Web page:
Buckstaff Bathhouse.

The Arlington’s past guest list is star-studded—Barbra Streisand, Babe Ruth, Franklin D. Roosevelt, Al Capone (who favored room 443). Every summer, I used to chase my sister up and down the hallways here—the largest and once grandest hotel in the state—while my parents attended their continuing legal education as lawyers. In more recent years, the Arlington lost a bit of its shine. In 2017, when I brought my now husband from Europe to Hot Springs to show off Arkansas history, the hotel sat in a sad state of neglect. But the cobwebs are coming off. The Arlington has a new owner, and it debuted an exterior facelift in 2022, with interior renovations slated to wrap up by the end of this year, in time for its centennial. In the meantime, the hotel is taking reservations, its spa is open, and a cozy new bookstore awaits in its underbelly of shops.

A breakfast table set with food and plates; a historic dining room with a chandelier


Breakfast at the Reserve; the Reserve's dining room.

The Arlington isn’t the only place to stay: The Reserve, positioned within easy reach of the historic Oaklawn Thoroughbred racetrack, boasts wood-paneled opulence in a former private mansion. If you’ve driven here, either to stay or to admire its stunning neoclassical facade, you’re exactly four minutes from an Arkansas institution: McClard’s Bar-B-Q. I am unable to personally recommend a dish on the menu besides the tamale spread—the restaurant’s take on a Frito chili pie—having never ordered anything else since my dad first let me try it when I was seven or so. This trip, though, two minutes beyond McClard’s, I discover an equally worthy pie at Morrison’s, a cheerful blue-and-white food truck. Since 2017, Edgar Morrison has served up fresh fried pies in a seasonal parade of flavors, no canned fruit involved. I intend to order just one, but I end up with mixed berry, chocolate, pecan, and pumpkin, and take a giant gooey bite out of each. Morrison’s wife, Teresa, says that sometimes customers call to reserve a pie, lest someone snatch the last cherry or blueberry while they’re en route.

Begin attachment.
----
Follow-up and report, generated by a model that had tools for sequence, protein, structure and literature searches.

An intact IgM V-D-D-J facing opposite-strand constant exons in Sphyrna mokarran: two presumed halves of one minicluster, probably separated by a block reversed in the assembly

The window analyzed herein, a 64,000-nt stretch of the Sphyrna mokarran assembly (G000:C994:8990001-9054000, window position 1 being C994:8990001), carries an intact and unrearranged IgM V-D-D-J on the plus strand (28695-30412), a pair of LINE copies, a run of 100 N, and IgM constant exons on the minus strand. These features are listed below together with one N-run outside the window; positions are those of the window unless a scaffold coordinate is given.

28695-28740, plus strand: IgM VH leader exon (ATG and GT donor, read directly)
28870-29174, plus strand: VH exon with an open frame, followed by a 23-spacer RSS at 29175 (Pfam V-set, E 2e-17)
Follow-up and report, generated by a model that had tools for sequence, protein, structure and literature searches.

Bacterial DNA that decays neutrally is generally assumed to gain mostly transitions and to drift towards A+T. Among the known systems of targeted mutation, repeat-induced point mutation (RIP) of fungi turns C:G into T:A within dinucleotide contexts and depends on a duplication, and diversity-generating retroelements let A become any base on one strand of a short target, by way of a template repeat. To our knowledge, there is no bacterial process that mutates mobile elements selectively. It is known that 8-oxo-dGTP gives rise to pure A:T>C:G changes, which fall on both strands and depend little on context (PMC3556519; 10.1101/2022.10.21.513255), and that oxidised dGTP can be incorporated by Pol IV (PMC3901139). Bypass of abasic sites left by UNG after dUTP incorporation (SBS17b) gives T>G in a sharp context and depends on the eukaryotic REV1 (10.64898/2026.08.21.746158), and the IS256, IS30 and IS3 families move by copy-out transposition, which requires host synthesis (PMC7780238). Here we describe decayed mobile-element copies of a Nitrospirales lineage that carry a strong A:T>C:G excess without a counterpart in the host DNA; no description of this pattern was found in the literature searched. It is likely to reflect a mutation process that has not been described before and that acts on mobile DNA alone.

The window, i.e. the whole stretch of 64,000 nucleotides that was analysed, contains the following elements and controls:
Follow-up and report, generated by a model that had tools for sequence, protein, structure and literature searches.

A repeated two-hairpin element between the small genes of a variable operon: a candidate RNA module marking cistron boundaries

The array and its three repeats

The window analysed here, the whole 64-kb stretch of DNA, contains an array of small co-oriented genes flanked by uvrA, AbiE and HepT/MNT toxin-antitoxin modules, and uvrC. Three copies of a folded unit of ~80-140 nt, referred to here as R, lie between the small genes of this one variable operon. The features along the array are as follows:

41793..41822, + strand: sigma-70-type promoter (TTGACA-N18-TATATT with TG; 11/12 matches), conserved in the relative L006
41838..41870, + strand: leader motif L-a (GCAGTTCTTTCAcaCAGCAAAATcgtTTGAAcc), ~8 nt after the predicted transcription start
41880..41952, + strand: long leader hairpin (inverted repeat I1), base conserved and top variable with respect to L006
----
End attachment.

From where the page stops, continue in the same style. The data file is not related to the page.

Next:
Fried cherry pies on checkered paper; a man leans out of a food truck window.


Cherry fried pies at Morrison’s; pie master Edgar Morrison.

If proximity to Oaklawn and pie feels less important than staying in the walkable, historical heart, the Waters hotel, former offices of doctors who once sent patients right across the street to the bathhouses to “take the waters,” puts you right in the action. Today one of those bathhouses serves as the park visitor center, another as an art gallery. At Hotel Hale, a bathhouse turned boutique hotel, the owner, who also happens to be the mayor of Hot Springs, might show you to your room or seat you for happy hour. Quapaw Baths & Spa offers more contemporary, communal pools. My favorite building revamp uses the water differently: for beer. I sample a flight in Superior Bathhouse Brewery’s outdoor beer garden.

A double Belgian beer, at Superior Bathhouse Brewery, in a glass.